Child Abuse

Screening Children

Read Ethics and Privacy. It is recommended to look at the overall picture from multiple sources, and not make a conclusion from a single piece of information. Initially interview parent and child together, but if abuse is suspected, ask parent permission to interview child separately. If parent refuses, this is a red flag and document.

Asking parents

Pre-verbal/pre-school children

Note clues in Signs & Symptoms as well as how children act during play or what they draw.  Are they physically abusive of dolls or materials?  Do dolls hurt each other, or play sexually? What is the interaction between parent and child?

Verbal children - asking questions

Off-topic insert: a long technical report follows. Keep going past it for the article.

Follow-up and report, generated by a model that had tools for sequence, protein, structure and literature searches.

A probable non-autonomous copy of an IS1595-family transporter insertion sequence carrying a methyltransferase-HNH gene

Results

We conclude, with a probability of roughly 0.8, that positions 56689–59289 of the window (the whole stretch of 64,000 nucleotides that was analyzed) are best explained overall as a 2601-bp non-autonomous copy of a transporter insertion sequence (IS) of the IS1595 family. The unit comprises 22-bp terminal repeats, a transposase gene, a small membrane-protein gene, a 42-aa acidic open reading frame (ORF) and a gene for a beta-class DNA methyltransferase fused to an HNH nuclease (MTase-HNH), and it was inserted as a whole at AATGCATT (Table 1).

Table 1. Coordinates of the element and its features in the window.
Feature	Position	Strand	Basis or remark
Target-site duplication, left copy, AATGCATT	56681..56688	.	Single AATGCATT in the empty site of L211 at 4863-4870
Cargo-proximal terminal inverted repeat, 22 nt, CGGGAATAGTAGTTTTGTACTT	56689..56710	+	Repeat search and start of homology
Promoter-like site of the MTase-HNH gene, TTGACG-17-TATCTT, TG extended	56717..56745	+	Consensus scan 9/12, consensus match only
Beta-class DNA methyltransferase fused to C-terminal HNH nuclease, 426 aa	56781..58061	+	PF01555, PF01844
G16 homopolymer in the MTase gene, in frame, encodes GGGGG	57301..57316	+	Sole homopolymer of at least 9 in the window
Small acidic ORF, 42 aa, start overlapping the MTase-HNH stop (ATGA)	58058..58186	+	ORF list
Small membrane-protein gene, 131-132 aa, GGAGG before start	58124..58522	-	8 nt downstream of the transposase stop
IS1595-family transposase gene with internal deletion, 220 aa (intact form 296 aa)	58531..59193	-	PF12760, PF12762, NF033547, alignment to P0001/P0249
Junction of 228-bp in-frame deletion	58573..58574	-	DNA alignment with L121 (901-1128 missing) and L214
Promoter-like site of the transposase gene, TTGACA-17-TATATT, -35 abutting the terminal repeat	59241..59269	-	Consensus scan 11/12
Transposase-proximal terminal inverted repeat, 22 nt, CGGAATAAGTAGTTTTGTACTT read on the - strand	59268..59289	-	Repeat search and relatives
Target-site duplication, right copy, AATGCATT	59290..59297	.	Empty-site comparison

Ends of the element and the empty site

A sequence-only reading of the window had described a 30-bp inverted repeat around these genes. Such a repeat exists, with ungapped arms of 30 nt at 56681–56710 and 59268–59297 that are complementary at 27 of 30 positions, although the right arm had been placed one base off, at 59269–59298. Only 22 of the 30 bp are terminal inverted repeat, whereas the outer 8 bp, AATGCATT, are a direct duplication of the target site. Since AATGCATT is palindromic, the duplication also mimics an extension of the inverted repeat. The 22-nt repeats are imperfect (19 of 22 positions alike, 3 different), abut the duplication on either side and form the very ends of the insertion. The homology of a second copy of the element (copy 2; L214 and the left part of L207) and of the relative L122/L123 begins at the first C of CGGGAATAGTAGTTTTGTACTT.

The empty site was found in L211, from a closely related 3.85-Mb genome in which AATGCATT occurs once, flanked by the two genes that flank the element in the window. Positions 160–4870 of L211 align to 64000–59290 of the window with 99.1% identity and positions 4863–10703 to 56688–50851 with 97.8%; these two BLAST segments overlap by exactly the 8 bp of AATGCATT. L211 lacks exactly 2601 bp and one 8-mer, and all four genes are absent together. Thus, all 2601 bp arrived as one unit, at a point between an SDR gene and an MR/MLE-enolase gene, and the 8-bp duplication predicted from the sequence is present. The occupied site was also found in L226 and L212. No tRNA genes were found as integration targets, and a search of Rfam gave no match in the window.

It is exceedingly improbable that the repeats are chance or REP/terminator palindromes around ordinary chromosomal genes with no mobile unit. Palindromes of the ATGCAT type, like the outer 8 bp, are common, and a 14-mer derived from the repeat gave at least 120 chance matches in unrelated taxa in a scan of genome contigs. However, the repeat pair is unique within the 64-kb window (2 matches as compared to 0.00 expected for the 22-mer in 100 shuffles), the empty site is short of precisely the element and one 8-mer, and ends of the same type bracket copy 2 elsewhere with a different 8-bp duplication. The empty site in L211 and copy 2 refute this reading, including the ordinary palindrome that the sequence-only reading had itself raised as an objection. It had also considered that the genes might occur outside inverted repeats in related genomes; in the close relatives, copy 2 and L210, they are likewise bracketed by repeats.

Avoid asking leading questions.  If sexual abuse is suspected, leave detailed questions for professional interviewers.  It is best to have a general conversation where the child discloses spontaneously, and note the child’s voice changes, eye contact, breathing patterns and change of subject when describing situations or people.  Limit your questions to only what is necessary for you to feel there is reasonable suspicion to make a report, so that the child isn’t put through multiple extensive interviews.

Verbal children – discussing domestic abuse

Children may have a variety of responses toward domestic abuse, such as fear, guilt, anger, sadness, or helplessness. They may escape through fantasy, talk to stuffed animals, hide, become hyper vigilant, etc.

[Adapted from California Child Abuse & Neglect Reporting Law: Issues and Answers for Mandated Reporters, and Identifying and Responding to Domestic Violence: Consensus Recommendations for Child and Adolescent Health - see resources]

 

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